Doctors may also use ultrasound to see if a baby has spina bifida; in some cases, the spinal defect can be seen on the ultrasound study. Amniocentesis can also help determine whether a baby has spina bifida. A needle is inserted through the mother's belly and into the uterus to collect fluid that is tested for AFP.

Maternal folic acid deficiency has also been linked to spina bifida, and researchers believe that many cases of spina bifida could be prevented if women of childbearing age consume 0.4 milligrams (400 micrograms) of folic acid every day, and continue to take it throughout the first trimester. Good sources of folic acid include eggs, orange juice, and dark green leafy vegetables. Many multivitamins contain the recommended dose of folic acid as well.

Symptoms of Spina Bifida
Babies who are born with spina bifida occulta often have no outward signs or symptoms. The spinal cord does not protrude through the skin, although a patch of hair, a birthmark, or a dimple may be present on the skin over the lower spine.

But in other forms of the disease, there are obvious signs. Babies who are born with the meningocele form of the disease have a sac filled with fluid that is visible on the back. The sac is often covered by a thin layer of skin and can range in size from the dimensions of a grape to those of a grapefruit.

Babies who are born with myelomeningocele also have a sac-like mass that bulges from the back, but a layer of skin may not always cover it. In some cases, the nerves of the spinal cord may be exposed. A baby who also has hydrocephalus will have an enlarged head, the result of excess fluid and pressure inside the skull.

Treatment of Spina Bifida

Children with spina bifida occulta usually need no treatment.

In cases of spina bifida manifesta, the treatment largely depends on the type of spina bifida a child has and how severe it is.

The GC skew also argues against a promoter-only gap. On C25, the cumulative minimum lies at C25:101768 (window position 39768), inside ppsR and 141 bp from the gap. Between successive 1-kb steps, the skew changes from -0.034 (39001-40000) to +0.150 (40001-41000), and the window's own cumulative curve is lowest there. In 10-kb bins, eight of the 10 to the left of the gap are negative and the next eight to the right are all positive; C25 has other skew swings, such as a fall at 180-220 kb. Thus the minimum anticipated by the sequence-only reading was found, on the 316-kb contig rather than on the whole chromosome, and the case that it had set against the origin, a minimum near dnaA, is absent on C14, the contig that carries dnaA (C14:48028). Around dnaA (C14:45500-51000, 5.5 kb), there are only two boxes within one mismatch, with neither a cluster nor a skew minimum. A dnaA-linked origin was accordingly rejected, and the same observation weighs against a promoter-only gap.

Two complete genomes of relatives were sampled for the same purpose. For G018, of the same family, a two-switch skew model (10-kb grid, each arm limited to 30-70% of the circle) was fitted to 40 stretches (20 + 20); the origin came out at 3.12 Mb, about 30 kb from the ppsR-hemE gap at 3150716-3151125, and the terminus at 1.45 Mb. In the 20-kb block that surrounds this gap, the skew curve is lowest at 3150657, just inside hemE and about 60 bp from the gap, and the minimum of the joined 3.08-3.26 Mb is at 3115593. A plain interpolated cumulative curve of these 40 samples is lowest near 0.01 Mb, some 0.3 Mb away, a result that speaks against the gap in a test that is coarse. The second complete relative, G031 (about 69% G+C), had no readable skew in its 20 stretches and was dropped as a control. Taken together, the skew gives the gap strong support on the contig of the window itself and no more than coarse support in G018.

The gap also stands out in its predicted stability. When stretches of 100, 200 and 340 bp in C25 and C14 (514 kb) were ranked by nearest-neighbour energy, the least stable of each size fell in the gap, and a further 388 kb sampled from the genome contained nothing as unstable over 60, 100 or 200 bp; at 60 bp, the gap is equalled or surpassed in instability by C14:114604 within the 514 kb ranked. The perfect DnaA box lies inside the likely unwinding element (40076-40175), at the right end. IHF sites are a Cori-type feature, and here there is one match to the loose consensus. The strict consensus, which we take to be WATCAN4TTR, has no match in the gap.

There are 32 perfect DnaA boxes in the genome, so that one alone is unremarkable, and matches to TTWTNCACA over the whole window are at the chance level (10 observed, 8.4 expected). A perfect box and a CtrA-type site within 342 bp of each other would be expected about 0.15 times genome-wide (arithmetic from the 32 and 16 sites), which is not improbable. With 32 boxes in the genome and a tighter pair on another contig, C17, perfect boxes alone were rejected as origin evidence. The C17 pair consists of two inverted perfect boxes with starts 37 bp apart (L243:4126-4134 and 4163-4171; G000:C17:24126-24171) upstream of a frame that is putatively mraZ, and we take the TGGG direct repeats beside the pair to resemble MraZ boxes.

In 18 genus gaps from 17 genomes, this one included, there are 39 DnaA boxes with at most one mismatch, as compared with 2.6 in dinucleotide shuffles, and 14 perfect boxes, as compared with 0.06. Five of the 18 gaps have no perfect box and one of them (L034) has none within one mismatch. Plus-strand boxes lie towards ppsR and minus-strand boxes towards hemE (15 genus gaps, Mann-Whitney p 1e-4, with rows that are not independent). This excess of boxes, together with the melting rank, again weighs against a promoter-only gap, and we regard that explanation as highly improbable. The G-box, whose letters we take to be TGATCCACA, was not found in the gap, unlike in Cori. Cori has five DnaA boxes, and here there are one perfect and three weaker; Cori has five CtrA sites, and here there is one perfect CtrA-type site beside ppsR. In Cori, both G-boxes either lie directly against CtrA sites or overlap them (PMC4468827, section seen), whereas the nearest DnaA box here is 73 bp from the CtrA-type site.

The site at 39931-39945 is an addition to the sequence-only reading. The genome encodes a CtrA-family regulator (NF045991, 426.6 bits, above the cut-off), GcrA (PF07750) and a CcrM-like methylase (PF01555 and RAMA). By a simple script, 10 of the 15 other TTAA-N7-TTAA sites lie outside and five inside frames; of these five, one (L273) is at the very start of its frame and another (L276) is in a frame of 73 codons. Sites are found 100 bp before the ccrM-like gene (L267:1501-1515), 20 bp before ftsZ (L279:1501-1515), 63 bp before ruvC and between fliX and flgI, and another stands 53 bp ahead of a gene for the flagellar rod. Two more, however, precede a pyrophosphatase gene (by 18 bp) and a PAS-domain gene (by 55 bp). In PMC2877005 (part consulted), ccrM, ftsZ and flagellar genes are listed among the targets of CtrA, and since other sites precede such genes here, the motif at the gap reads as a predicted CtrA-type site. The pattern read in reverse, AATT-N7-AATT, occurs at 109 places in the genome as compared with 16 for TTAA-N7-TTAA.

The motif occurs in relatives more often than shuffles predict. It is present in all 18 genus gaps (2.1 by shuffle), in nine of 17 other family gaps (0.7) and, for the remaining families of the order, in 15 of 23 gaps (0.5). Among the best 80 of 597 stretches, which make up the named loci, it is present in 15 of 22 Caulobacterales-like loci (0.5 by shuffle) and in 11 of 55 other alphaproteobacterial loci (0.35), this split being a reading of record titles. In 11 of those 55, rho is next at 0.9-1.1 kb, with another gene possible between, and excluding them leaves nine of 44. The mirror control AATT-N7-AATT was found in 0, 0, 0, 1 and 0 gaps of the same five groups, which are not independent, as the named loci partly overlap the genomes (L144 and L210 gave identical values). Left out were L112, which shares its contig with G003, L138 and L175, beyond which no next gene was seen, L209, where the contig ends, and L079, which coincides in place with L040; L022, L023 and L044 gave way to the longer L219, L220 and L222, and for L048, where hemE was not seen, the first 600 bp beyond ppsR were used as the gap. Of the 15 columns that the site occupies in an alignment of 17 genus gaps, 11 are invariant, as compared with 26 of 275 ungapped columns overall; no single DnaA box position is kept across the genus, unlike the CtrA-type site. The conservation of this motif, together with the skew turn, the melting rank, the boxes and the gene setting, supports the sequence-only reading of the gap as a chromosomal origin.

A child with the meningocele form of the disease usually has an operation during infancy in which doctors push the meninges back and close the hole in the vertebrae. Many children with this type of spina bifida have no other health problems down the road, unless there is nerve tissue involved with the sac.

Babies born with the myelomeningocele form of the disease need more immediate attention and typically have surgery within the first 1 to 2 days of their lives. During this first surgery, doctors typically push the spine back into the vertebrae and close the hole to prevent infection and protect the spine.

A baby who also has hydrocephalus will need an operation to place a shunt in the brain. The shunt is a thin tube that helps to relieve pressure on the brain by draining and diverting extra fluid.

In addition, some children need subsequent surgeries to manage problems with the feet, hips, or spine.

The location of the gap in the back often dictates what kind of adaptive aids or equipment that a child with myelomeningocele will need down the line. Children with a gap high on the spinal column and more extensive paralysis will often need to use a wheelchair to move around, whereas those with a gap lower on the back may be able to use crutches, leg braces, or walkers.

Caring for Your Child With Spina Bifida

Parents of children with spina bifida will often receive support from a medical team that may include several doctors (such as neurosurgeons, urologists, orthopedic surgeons, rehabilitation specialists, and general pediatricians), a nurse practitioner, physical and occupational therapists, and a social worker. The goal is to create a lifestyle for the child and family in which the disability interferes as little as possible with normal everyday life.